Believe it or not, ŠKODA have been producing cars for 125 years, and while it can’t be argued that some of them have been a little … communist … in style and engineering, the arrival of Volkswagen in 2000 changed everything, completely.
Times have changed. ŠKODA have gone from a state-owned manufacturer of adequate transportation to being sold in over 100 countries, and giving Volkswagen the second highest profit margin in the group, only beaten by Porsche. If you know ŠKODA from old, then it’s time to get to know them all over again.
It would seem that Volkswagen pulled off the un-imaginable when they purchased ŠKODA; developing a worldwide brand and product, while still keeping the ethos of the original company; value.
It would have been easy to spend billions on bringing the company up to date, and recoup some of that investment through raising prices or lessening the added value of the car, but VW haven’t done that. In fact, the equipment list is just as comprehensive as their other offerings, reliability is rock solid, and the only minor pitfall with a ŠKODA is the perceived image from the uninitiated.
If you positively need to show the neighbours just how successful you are, then this isn’t your marque, but if it’s about making a great choice, step right up.
The Superb has been a mainstay product for ŠKODA for 19 years, (aside from the original Superb that was manufactured between 1934 – 1949), and from day one, it was sold as a credible alternative to some of the other European marques. With nearly two decades of development behind it, the Superb is better than ever.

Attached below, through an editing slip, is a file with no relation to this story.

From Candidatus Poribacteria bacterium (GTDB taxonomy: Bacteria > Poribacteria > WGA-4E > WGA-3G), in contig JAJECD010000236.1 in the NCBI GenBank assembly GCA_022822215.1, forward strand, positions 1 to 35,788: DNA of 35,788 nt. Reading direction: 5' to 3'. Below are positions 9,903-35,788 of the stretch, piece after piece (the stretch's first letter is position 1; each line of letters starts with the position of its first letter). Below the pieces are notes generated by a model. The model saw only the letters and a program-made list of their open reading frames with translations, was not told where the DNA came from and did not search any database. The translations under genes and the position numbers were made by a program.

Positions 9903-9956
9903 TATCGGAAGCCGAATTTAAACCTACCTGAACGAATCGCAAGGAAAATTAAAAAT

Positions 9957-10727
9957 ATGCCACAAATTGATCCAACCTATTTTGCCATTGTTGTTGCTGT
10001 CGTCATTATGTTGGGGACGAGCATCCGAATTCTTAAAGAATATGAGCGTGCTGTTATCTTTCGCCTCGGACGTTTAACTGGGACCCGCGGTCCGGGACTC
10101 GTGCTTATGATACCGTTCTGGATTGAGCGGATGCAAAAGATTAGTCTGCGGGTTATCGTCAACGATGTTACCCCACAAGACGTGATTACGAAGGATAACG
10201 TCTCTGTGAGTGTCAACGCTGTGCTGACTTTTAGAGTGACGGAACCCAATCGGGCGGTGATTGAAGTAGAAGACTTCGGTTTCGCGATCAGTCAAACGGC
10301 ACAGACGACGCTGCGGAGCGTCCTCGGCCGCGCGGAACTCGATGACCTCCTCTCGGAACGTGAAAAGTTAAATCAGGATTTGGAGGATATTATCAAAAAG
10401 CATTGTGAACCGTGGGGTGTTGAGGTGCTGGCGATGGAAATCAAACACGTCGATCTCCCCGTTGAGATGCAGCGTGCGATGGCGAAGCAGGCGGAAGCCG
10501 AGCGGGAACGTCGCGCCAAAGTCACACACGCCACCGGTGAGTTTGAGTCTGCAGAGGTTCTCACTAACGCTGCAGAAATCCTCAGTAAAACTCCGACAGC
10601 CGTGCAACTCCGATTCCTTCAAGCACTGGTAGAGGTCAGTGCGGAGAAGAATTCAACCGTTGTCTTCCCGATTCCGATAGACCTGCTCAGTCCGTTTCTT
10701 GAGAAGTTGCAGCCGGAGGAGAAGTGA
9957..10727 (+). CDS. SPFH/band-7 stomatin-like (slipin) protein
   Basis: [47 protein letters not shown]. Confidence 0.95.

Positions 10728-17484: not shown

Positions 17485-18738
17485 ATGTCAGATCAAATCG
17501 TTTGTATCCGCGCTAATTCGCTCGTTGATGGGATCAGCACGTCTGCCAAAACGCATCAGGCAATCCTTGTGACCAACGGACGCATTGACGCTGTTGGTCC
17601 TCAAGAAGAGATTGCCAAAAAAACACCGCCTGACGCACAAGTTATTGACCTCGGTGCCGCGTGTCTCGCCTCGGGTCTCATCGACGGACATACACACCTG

It’s no surprise that ŠKODA decided to base their first ever Plug-In Electric Hybrid (PHEV) on the Superb, creating the Superb iV. Thanks to being a hybrid, there’s very little difference (engineering or style-wise) to the regular Superb, which means much of the running gear, design and engineering is consistent throughout the range, and even the powertrain is a proven unit, being lifted as a complete unit from the Volkswagen Passat hybrid.
Yes, the all-electric range is levelled at the competition, meaning that the range is slightly compromised at just 34 miles, but given the average daily commute is 25 miles, it’s enough. Besides, when combined with the 1.4 litre, 4-cylinder turbocharged petrol engine, there’s enough range to see around 550 miles between fill ups.
And don’t think that it’s lacking in power either. The 215 horsepower combination is plenty enough to see almost double the National Speed Limit, with a 0-60 dash happening in just 7.8 seconds (around half a second quicker than the competition), and unlike the aforementioned competition, switching from electric to internal combustion is as close to seamless as you’ll find, regardless of brand.
The Superb iV comes in four different trim levels – SE Technology, SE L, Sportline Plus and the L&K (in a nod to the original founders, Laurin & Klement). Depending on what you choose, and what boxes you tick, there’s a plethora of equipment that can be yours.
Let’s go back to that third paragraph for a moment, more specifically, the last word: value.
As standard, the Superb iV comes with some excellent equipment, but even when you start ticking those ‘optional’ boxes, ŠKODA are looking to add value, not just improve their balance sheet, so the options are well priced also.
Adaptive damping is standard across the entire Superb range, but you can also have: front & rear parking sensors, rear parking camera, virtual cockpit, 8 inch touchscreen, CareConnect including Emergency Call, lane assist, blind spot detection, area view, adaptive cruise control, electrically operated boot, integrated Wi-Fi and leather upholstery.
The ŠKODA Superb iV delivers more than you expect, at a price that’s better than competitive, even more so when you compare it to the other marques in the same category. It has all the style, engineering, spec sheet and poise of the competition, but without any of the drawbacks.
Better still, the Superb iV benefits from the recently changed ‘Benefit in Kind’ regulations, so whether you’re a regular motorist, or a company buyer, it really does make sense.